The strategy was tested in patients with genetic diseases associated with mutations in the gene that codes for telomerase, such as aplastic anemia and pulmonary fibrosis. The authors say that the results suggest that the approach can combat the damage caused to the organism by telomerase deficiency.
The study was performed by Brazilian researchers in collaboration with colleagues at the National Institutes of Health (NIH) in the US. Among the scientists involved was Rodrigo Calado, a professor at the University of São Paulo's Ribeirão Preto Medical School (FMRP-USP) and a member of the Center for Cell-Based Therapy (CTC), one of the Research, Innovation and Dissemination Centers (RIDCs) supported by FAPESP.
"One of the processes associated with aging is progressive shortening of telomeres, DNA-protecting structures at the ends of chromosomes, like the plastic tips on shoelaces," Calado said. "Each time a cell divides, its telomeres get shorter. Eventually, the cell can't replicate anymore and dies or becomes senescent. However, telomerase can keep the length of telomeres intact, even after cell division."
The New England Journal of Medicine - Danazol Treatment for Telomere Diseases
In the study, the telomere length measured at 24 months (the time point used for evaluation of the primary end point) in 12 patients, was plotted against each patient’s baseline telomere measurement. They had a telomere attrition rate of 96 bp per year or less. Data for 15 patients were missing at 24 months; in the analysis of the primary end point, these patients were considered as not having had a response. Significant telomere elongation was found at 6, 12, and 24 months after the initiation of treatment with danazol, as compared with baseline.
In practice, he added, telomere length is a laboratory measure of a cell's "age." Some cells avoid aging by using telomerase to lengthen their telomeres through the addition of DNA sequences, thereby maintaining their capacity to multiply and "stay young."
In an embryo, where tissue is still in the formative stage, telomerase is expressed by practically every cell. After this period, only cells that are constantly dividing, such as hematopoietic (blood-forming) stem cells, which can differentiate into a variety of specialized cells, continue to produce telomerase.
"Aplastic anemia is one of the diseases that can be caused by telomerase deficiency," Calado said. "Bone marrow stem cells age prematurely and fail to produce enough red blood cells, white blood cells and platelets, making the patient dependent on blood transfusions and more susceptible to infections."
In 2009, Calado and collaborators published an article in the journal Blood showing that androgens, which are converted into estrogens in humans, bind to female hormone receptors in the telomerase gene promoter region and thereby stimulate expression of the enzyme in cells.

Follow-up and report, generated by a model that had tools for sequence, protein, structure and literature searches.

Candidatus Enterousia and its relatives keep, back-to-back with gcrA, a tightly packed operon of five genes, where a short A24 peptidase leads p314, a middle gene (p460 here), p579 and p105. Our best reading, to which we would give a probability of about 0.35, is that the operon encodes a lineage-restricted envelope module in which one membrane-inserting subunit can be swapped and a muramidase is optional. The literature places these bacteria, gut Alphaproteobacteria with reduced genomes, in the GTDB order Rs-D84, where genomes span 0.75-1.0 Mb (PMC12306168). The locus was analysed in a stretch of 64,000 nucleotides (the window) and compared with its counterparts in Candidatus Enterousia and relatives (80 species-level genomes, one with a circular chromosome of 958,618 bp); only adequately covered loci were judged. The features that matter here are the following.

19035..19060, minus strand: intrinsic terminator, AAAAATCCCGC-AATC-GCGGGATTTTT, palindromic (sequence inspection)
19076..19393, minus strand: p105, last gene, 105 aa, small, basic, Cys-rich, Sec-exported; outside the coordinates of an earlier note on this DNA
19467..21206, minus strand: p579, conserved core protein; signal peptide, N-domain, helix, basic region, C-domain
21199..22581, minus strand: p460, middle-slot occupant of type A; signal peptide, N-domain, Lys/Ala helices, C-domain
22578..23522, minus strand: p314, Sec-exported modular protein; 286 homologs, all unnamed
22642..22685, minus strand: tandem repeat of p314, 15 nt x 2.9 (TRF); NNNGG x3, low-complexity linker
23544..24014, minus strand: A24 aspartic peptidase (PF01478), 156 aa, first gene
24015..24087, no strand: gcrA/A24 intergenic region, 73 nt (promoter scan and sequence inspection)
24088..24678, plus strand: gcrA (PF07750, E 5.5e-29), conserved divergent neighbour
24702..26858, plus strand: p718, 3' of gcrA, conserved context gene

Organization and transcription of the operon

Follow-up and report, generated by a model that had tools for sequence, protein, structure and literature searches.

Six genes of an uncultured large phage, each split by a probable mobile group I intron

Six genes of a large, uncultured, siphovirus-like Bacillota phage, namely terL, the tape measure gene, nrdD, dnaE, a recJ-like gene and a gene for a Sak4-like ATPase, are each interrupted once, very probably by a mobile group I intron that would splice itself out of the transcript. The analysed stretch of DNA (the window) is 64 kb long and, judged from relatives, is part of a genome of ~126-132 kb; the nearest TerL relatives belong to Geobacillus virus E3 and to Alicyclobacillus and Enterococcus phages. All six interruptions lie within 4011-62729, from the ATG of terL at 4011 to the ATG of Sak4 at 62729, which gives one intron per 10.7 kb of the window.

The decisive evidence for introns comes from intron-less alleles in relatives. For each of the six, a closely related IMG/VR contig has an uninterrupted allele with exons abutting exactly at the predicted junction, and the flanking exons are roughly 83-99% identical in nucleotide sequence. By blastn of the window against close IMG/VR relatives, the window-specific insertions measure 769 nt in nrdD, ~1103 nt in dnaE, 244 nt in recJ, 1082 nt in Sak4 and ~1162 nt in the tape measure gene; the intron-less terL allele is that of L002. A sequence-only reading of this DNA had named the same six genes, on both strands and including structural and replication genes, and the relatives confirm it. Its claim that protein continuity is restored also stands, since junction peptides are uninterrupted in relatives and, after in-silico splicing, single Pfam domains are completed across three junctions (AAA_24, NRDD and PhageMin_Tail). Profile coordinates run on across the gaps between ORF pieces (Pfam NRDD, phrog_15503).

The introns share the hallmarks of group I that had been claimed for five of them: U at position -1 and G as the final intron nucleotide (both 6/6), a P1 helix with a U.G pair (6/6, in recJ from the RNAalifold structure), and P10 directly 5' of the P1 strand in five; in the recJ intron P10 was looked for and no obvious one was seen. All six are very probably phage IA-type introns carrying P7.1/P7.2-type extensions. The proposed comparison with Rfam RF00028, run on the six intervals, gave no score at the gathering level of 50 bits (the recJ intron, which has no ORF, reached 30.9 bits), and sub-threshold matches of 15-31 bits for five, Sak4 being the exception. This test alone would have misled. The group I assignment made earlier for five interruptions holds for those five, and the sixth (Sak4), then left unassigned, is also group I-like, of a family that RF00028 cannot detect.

"The study we've just published was designed to find out whether the effect we'd observed in the lab also occurred in humans, and the results indicate that it does," Calado said.
Instead of estrogen, the researchers treated the patients with androgen, he explained, because it has long been used as a drug in cases of congenital anemia and offers the advantage of stimulating an increase in the mass of hemoglobin (red blood cells), which estrogen cannot do.
Treatment with the steroid danazol, a synthetic male hormone, was tested for two years in 27 patients with aplastic anemia owing to telomerase gene mutations.
"In a healthy adult, telomere length varies from 7,000 to 9,000 base pairs on average. A normal person's telomeres lose 50 to 60 base pairs per year, but a patient with telomerase deficiency can lose between 100 and 300 base pairs per year," Calado said. "In the patients who received danazol, telomere length increased by 386 base pairs on average over two years."
In addition, hemoglobin mass rose from 9 grams per deciliter (g/dL) to 11 g/dL on average. A person without anemia normally has between 12 and 16 g/dL, but the improvement observed in these subjects was sufficient to rid them of transfusion dependency.
"On completion of the protocol, the medication was interrupted, and we observed a fall in all counts. Several patients resumed the medication with smaller doses, individually adjusted to minimize side effects," Calado said.
In a new protocol currently in progress at the University of São Paulo's Ribeirao Preto Blood Center, the same kind of approach is being tested with nandrolone, an injectable male hormone.
Although the results of the study suggest that drugs can be used to reverse one of the biological drivers of aging, it is not yet clear whether the benefits of treatment would surpass the risks in healthy people, especially if the treatment involved the use of sex hormones.
Some groups, such as patients undergoing chemotherapy or radiotherapy, may benefit from drugs that stimulate telomerase in the future.
SOURCES- Eurekalert, New England Journal of medicine